Wages of arbitrariness: Covid-19 diktat to commercial establishments over compulsory wage payment revoked

By: |
May 21, 2020 5:30 AM

It is not clear if the government withdrew the order because it realised it made things worse and, in any case, with the lockdown easing, workers would start earning their wages again.

While firms may still have been able to survive with some pay cuts and laying off a section of the employees, forcing them to pay everyone full wages would drive them to bankruptcy, and risk the future of all employees.While firms may still have been able to survive with some pay cuts and laying off a section of the employees, forcing them to pay everyone full wages would drive them to bankruptcy, and risk the future of all employees.

The government has done well to scrap its order requiring all industries and commercial establishments to continue paying full wages to their employees for the duration of the lockdown even though operations remain frozen. The March 29 order had invoked the Disaster Management Act, which meant that failure to comply could invite punitive action from the authorities. In a scenario where the economy was slowing long before the pandemic, and all firms—including MSMEs—were facing an uncertain fate as revenues crashed, forcing industry to pay regular wages was distinctly anti-business. Indeed, with the economy set to contract in the current fiscal, the government needed to be trying everything possible to keep firms afloat rather than saddling them with diktats on wages. The diktat, as it happened, would make things worse for labourers as well. While firms may still have been able to survive with some pay cuts and laying off a section of the employees, forcing them to pay everyone full wages would drive them to bankruptcy, and risk the future of all employees. In such a situation, even when the lockdown eased and the economy hobbled back toward normalcy, there would be no improvement as the firm would have already shut shop.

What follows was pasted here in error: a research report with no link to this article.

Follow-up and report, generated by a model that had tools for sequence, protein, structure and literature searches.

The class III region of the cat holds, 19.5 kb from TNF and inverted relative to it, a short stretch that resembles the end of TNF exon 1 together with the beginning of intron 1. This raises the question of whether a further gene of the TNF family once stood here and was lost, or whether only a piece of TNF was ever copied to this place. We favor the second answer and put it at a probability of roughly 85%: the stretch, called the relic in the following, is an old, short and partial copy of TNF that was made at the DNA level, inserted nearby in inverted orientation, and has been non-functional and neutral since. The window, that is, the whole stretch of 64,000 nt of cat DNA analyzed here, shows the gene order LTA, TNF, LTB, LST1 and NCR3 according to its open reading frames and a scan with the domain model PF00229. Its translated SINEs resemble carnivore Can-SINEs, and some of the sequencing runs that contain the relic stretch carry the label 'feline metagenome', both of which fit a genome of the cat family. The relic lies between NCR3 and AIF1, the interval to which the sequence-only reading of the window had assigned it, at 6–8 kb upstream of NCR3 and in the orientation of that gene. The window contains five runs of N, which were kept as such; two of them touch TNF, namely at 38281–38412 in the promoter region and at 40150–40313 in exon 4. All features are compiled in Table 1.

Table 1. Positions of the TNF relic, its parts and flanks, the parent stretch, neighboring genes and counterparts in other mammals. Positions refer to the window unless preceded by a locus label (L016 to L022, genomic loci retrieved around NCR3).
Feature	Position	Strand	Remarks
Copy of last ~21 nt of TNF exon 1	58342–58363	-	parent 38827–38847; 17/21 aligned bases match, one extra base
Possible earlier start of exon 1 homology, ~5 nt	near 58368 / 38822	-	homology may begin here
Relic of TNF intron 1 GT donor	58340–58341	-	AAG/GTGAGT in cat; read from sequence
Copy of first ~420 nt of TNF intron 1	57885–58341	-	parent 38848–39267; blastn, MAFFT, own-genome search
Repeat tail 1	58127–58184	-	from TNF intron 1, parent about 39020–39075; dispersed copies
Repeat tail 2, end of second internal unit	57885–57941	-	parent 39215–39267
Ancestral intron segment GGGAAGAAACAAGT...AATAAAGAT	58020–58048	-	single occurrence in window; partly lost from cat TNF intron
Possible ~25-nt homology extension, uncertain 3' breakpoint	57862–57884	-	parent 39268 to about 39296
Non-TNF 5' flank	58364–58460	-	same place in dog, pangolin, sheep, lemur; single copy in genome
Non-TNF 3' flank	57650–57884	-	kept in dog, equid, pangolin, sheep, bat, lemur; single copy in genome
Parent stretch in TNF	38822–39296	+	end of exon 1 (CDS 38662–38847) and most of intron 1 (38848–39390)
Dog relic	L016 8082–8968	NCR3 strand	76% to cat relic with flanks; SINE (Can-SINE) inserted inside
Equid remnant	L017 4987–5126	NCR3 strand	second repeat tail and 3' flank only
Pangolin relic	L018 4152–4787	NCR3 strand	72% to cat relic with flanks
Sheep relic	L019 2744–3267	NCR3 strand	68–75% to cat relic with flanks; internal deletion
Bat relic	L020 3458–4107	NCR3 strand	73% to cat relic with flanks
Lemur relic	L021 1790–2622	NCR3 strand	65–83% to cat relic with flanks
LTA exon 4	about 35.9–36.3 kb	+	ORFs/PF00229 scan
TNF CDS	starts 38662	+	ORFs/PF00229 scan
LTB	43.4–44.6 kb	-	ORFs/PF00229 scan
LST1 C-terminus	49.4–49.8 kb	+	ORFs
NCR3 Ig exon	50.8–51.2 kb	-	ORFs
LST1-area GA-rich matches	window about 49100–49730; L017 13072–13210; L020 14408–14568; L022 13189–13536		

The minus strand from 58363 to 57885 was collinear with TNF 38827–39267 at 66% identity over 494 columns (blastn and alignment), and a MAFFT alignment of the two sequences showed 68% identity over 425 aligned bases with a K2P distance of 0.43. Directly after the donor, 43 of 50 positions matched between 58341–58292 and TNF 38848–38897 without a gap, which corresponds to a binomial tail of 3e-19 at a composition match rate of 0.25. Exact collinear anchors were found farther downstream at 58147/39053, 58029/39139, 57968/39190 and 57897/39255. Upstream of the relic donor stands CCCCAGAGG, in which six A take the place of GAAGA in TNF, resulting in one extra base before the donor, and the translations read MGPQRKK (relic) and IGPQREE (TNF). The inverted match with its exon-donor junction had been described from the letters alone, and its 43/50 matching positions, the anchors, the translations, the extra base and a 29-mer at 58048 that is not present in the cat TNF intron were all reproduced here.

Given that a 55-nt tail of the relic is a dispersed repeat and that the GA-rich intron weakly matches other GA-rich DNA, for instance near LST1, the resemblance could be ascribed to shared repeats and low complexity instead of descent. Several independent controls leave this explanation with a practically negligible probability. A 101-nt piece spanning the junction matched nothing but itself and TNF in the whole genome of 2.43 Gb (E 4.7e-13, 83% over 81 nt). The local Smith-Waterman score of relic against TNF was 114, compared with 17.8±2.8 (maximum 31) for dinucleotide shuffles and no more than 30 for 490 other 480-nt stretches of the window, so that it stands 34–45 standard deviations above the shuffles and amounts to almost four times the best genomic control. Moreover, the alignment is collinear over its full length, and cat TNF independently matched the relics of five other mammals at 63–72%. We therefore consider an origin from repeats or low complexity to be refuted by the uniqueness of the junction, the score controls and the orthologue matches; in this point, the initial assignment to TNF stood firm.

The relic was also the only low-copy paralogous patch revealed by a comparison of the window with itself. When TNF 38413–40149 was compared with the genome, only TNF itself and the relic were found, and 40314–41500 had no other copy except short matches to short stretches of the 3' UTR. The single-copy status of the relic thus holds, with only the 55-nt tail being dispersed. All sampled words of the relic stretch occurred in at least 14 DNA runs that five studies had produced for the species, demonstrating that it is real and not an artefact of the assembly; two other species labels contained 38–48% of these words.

It is not clear if the government withdrew the order because it realised it made things worse and, in any case, with the lockdown easing, workers would start earning their wages again. Another possibility is that the government realised that the cases on this matter in the Supreme Court were going against it, so it decided to beat a hasty retreat. In two cases, the SC forbade coercive action by the government against firms that were laying off workers or cutting their salaries; no final order has been passed as the cases are still being heard. One petition, filed with the Bombay High Court, even argued that the order violated the Section 25C and 25M of the Industrial Disputes Act, 1947, which deal with payment of 50% wages when a worker is laid off, and the exception to lay off workers during a natural calamity. Indeed, last month, the Parliamentary Committee on Labour, in its report on the Industrial Relations Code, 2019, reasoned against the payment of even limited wages, saying “in case of natural calamities, payment of wages to the workers until the re-establishment of the industry may be unjustifiable”. At a time when the government is trying to improve the country’s business-friendly image, the fact that such an order ever got passed suggests that the old command-and-control mindset—and innocence of economics—hasn’t quite disappeared.

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